Social Media activists mock Al-Sisi for a post on his official Facebook page

A post on Al-Sisi’s official Facebook page has provoked mockery of social media activists

Al-Sisi’s Facebook page posted, “The public debt hiked from 700 billion to 3.4 trillion Egyptian pounds,”with hashtags (in Arabic)#Ask_thePresident and #BeCreative.

The comment posted on al-Sisi’s official Facebook page seemed praising the amount of public debt in Egypt as one of al-Sisi’s achievements!

In response, a wave of of mockery spread on social media; one said, “I am quite sure that the admin of the page is a genius.” Another one said, “I doubted for a second that a trillion is smaller than a billion.”

Al-Sisi’s comments came during the third National Youth Conference in in the Suez Canal city of Ismailiya. Around 12,000 youth participated in the conference that lasted for three days. 

It is worth to mention that since al-Sisi led a military coup in 2013 against Mohamed Morsi, the first democratically elected president, Egypt underwent one of its harshest economic crises in the country’s history.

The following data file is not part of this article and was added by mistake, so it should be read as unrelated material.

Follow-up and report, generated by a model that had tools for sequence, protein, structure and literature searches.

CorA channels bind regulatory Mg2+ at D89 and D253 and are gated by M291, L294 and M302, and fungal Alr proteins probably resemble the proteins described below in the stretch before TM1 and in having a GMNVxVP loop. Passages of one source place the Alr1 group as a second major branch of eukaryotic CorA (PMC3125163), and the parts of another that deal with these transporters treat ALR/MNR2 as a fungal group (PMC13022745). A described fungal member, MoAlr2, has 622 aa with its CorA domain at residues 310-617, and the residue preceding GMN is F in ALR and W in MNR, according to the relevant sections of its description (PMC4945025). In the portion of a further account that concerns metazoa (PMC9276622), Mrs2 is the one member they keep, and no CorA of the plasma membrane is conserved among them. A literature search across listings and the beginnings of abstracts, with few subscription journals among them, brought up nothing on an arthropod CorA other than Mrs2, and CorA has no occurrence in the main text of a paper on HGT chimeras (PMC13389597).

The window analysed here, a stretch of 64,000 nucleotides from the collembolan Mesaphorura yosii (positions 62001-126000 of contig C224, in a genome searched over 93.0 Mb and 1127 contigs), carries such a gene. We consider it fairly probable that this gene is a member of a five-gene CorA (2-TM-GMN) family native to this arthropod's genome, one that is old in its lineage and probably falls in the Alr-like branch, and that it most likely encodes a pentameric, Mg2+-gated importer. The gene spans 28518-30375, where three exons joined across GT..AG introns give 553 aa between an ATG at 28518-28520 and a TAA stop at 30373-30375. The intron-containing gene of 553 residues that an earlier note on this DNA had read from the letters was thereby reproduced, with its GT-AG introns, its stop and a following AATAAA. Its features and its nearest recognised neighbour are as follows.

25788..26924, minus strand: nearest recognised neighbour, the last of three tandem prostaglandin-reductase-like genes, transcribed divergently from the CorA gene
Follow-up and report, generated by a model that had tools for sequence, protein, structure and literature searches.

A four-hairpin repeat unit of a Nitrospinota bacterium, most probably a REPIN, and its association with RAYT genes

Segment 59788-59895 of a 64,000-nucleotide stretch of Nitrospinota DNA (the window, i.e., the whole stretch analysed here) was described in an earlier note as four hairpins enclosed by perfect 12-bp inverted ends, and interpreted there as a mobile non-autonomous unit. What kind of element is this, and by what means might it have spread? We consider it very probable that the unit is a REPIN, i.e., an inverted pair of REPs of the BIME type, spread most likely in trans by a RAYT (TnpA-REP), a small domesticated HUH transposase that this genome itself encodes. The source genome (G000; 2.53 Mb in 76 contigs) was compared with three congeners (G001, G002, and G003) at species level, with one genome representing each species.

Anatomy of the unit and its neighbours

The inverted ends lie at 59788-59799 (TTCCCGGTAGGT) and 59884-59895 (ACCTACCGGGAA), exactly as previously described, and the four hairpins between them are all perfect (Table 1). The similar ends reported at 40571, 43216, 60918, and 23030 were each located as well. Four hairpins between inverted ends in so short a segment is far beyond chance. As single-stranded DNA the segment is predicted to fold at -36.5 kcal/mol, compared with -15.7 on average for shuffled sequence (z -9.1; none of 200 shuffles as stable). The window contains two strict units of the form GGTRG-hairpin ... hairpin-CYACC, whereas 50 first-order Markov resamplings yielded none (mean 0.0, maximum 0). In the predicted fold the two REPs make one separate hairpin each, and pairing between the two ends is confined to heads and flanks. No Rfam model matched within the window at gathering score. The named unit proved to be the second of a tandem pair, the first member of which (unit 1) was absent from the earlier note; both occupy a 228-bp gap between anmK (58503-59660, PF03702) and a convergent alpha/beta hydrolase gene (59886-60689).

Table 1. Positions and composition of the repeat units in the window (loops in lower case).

Al-Sisi, who made many promises to the Egyptians, and was viewed by some as a savior, has failed until now in resolving Egypt’s problems. On the contrary, he warned them of harsh times and austerity policies in light of the International Monetary Fund (IMF) Loan.

Hard currency shortage has escalated due to withdrawal in tourism and foreign investment as a result political instability and lack of security.

As a result, the Egyptian government decided to take extreme measures to revive its wrecked economy.

Last November, the International Monetary Fund’s executive board approved Egypt’s request to secure $12 billion loan facility after Egypt met its requirements.

On August 30, Egypt started its first steps towards the loan when Egypt’s parliament approved a long-awaited law introducing a value-added tax (VAT) of 13 %, rising to 14% in the next fiscal year.

On November 3, the Central Bank of Egypt floated the Egyptian pound and gave up trying to peg the currency to the US dollar allowing it to devalue by almost half.

On November 4, Egypt took another unprecedented decision, which has always been abandoned by former leaders in fear of public unrest, to cut subsidies for fuel leading to jump in prices.

Moreover, the rates of annual inflation in Egypt’s cities have jumped to 30.9 % in March, hitting its highest inflation rates in 30 years.